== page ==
Sports Betting Is a Dead End
Our representatives need to use limited resources to generate economic prosperity, not fund false promises
June 15, 2012
Why would any state (or our nation) want to legalize sports wagering? The short answer is money! When everything else is stripped away, those who are supporting this huge expansion of legalized gambling are those who intend to profit from it, and profit greatly. Of course this includes the various gambling interests, but it also includes states that are desperate for revenue, and have been seduced by the false and misleading promise of a new revenue source without raising taxes. But the unintended negative consequences—in real money and social costs—are not unexpected or unforeseen.
In cost/benefit analyses, state, national, and international studies indicate that gambling is a losing proposition of at least 3-to-1. That is, for every new dollar the state generates from its share of gambling profits, government incurs three dollars of added expenses. These costs are both actual and associated. Most supporters do not even refute the studies that show an increase in gambling results in an increase in crime, unemployment, welfare, homelessness, suicide, and even more social carnage. They simply propose ways to mitigate them; believing the old adage "an ounce of prevention is worth a pound of cure" simply does not apply to this situation. After all, there are profits to be made. In California, more than 1 million problem and pathological gamblers cost the state more than $1 billion a year. We certainly do not need more gambling opportunities.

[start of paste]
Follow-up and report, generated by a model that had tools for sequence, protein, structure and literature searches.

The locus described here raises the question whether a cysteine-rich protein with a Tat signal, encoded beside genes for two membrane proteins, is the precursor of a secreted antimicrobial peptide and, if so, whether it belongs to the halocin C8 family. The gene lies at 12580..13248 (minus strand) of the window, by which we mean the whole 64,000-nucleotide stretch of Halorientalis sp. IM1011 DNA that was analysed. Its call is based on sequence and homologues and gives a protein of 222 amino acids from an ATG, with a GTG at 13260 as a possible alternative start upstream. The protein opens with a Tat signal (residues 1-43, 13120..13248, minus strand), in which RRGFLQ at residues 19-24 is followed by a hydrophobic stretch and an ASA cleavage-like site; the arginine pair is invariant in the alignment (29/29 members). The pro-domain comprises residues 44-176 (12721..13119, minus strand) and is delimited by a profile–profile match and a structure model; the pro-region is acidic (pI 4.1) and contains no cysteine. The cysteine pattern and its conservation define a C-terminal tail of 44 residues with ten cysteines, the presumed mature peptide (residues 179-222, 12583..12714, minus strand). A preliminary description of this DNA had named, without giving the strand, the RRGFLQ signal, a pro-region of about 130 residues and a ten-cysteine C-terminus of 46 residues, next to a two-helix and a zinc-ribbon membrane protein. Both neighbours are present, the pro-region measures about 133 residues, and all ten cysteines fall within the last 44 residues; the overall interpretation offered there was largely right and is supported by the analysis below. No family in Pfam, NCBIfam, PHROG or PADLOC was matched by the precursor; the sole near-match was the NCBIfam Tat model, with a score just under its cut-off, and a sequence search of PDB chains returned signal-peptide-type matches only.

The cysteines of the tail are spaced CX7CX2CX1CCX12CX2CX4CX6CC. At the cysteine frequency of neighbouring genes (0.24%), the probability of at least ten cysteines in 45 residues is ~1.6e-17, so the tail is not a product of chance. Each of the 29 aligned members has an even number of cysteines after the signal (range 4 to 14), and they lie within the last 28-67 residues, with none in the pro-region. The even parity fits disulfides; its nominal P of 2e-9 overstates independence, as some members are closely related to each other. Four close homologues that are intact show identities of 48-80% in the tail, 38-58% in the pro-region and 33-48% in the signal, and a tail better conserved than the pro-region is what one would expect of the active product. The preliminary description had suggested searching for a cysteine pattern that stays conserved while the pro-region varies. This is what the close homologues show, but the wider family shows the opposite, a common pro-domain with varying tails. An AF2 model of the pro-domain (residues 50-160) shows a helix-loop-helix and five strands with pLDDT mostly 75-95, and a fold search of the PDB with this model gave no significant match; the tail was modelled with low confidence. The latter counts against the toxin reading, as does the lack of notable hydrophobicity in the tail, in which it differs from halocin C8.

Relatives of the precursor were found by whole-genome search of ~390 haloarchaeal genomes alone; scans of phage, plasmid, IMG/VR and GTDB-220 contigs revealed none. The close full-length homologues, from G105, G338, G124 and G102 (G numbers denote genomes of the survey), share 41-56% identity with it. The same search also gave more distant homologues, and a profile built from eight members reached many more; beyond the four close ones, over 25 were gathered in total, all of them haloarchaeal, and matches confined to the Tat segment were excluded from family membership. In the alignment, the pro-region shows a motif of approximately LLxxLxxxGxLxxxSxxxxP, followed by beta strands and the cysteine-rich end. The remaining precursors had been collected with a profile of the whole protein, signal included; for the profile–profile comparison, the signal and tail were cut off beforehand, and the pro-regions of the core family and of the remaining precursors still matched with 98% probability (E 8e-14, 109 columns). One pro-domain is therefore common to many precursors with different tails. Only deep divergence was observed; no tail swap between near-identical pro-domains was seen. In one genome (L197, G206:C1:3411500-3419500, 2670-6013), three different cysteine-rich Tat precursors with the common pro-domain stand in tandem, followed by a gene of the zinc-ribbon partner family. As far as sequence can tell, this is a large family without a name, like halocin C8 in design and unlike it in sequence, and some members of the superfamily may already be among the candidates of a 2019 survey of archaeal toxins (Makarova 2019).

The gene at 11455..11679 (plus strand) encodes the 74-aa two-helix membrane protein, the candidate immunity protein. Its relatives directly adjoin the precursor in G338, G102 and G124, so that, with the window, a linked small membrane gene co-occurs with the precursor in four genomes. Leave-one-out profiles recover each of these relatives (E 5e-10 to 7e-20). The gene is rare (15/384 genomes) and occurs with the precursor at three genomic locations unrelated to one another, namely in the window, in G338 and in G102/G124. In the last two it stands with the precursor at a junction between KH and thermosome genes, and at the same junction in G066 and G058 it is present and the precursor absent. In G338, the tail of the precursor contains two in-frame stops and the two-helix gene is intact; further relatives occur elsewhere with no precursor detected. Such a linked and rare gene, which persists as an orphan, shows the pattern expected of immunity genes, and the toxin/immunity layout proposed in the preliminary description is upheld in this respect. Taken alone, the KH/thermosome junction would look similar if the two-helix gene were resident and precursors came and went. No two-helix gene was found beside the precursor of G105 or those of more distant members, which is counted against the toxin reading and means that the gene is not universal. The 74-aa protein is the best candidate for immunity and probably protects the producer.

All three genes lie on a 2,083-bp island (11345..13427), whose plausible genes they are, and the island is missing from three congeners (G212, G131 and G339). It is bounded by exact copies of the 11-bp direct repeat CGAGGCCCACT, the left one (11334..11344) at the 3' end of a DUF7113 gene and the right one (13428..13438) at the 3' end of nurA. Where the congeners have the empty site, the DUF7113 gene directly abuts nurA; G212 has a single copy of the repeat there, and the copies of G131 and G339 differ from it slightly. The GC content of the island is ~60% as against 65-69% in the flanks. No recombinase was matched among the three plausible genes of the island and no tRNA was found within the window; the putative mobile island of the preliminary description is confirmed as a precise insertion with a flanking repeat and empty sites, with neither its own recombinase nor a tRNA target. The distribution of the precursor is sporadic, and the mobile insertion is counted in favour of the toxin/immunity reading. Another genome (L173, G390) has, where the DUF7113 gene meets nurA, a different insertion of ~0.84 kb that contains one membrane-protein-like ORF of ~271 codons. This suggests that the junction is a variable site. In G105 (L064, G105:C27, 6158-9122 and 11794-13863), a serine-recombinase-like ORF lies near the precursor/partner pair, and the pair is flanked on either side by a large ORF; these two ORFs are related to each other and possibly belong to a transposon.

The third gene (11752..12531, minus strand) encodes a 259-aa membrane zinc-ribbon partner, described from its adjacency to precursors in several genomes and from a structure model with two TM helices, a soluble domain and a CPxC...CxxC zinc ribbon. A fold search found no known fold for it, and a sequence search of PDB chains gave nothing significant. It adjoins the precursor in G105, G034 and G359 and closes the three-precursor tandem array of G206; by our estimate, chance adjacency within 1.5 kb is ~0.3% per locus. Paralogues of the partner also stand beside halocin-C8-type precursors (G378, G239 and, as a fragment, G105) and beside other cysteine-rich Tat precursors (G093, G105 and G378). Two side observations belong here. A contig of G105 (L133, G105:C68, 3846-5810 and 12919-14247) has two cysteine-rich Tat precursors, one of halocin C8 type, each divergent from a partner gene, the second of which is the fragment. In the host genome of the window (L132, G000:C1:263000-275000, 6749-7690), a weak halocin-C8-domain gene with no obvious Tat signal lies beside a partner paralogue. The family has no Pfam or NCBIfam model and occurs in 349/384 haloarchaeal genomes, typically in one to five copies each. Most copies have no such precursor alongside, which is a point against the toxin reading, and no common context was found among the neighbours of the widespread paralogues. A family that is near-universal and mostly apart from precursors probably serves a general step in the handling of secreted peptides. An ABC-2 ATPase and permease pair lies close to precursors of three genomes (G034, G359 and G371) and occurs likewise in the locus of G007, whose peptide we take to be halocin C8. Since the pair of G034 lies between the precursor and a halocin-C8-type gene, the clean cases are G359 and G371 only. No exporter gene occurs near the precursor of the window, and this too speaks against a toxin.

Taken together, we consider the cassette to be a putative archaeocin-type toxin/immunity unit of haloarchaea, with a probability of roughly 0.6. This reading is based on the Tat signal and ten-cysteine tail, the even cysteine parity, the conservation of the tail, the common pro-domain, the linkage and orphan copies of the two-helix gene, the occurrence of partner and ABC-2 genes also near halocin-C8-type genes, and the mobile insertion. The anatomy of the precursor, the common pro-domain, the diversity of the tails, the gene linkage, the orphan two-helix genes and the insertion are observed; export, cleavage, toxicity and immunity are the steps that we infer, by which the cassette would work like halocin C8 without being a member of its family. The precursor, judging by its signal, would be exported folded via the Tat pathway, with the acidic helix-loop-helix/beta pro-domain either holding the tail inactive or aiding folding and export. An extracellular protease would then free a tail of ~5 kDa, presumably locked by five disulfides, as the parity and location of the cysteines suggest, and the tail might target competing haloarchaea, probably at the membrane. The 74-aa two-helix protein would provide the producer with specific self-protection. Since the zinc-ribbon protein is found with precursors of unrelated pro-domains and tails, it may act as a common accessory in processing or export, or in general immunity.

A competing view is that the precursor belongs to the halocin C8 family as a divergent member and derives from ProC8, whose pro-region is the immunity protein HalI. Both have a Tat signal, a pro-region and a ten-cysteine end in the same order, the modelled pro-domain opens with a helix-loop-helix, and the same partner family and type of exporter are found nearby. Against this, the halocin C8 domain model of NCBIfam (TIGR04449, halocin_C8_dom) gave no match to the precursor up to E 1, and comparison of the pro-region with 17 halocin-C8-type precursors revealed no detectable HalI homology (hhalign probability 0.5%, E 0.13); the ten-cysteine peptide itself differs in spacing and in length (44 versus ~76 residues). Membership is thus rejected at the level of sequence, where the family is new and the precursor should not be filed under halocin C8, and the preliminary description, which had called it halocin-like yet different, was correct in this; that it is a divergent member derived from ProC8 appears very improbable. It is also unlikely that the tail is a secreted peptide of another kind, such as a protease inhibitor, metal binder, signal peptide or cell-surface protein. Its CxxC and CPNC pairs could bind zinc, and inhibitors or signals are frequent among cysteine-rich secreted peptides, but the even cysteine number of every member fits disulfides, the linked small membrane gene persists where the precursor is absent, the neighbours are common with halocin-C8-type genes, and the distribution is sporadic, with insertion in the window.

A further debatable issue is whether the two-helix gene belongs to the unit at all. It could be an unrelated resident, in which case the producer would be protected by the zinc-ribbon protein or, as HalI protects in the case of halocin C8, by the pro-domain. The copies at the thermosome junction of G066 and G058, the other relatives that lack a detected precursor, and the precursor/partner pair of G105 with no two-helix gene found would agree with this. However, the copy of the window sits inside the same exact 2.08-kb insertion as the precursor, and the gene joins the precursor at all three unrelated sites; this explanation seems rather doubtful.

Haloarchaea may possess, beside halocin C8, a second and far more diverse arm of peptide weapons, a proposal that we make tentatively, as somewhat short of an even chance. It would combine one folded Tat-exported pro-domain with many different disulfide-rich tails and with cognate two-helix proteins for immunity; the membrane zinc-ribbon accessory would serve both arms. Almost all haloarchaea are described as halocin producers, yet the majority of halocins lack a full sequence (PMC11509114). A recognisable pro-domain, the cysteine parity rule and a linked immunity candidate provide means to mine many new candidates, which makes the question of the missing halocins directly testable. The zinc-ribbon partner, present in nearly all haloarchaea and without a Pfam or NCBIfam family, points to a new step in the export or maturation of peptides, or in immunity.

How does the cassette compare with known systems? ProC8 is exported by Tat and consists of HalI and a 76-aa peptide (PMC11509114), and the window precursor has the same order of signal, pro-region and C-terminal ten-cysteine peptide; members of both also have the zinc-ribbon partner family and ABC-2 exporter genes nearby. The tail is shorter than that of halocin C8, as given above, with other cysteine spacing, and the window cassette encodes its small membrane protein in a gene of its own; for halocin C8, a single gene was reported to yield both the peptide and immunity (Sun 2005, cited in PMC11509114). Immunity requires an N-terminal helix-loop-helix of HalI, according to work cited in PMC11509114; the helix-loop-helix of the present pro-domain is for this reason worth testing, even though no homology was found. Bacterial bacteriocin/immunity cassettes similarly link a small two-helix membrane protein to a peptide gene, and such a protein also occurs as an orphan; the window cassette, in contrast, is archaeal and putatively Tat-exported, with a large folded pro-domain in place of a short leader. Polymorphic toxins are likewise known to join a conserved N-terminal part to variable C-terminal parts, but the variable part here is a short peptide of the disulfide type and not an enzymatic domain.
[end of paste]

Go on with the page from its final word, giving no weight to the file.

There is also the economic cost of discretionary spending being funneled at greater levels into the gambling sector, a sector that does not produce anything and lacks the economic multipliers of manufacturing, retail, or service sectors. Imagine if the hundreds of millions of dollars that proponents speculate will be wagered on sports were used in some other way in our economy. In our poor economic times, policymakers should be focused on ways to generate economic prosperity for all, not enrich narrow special interests that profit at the expense of others.
Earl Grinols, a Baylor University economics professor, says that one third to one half of gambling revenues will come from problem gamblers. Is this really the reason we elected our representatives—to exploit citizens with uncontrollable gambling urges?
Finally, nearly all sports associations have firm anti-gambling policies, and some relate to states with legalized wagering on athletic events. In the case of the NCAA, no championship game will be allowed to be played in such states. So this seductive policy wager isn't even about sports. It's about the greed of a few well-financed interest groups that enjoy disproportionate influence in far too many statehouses.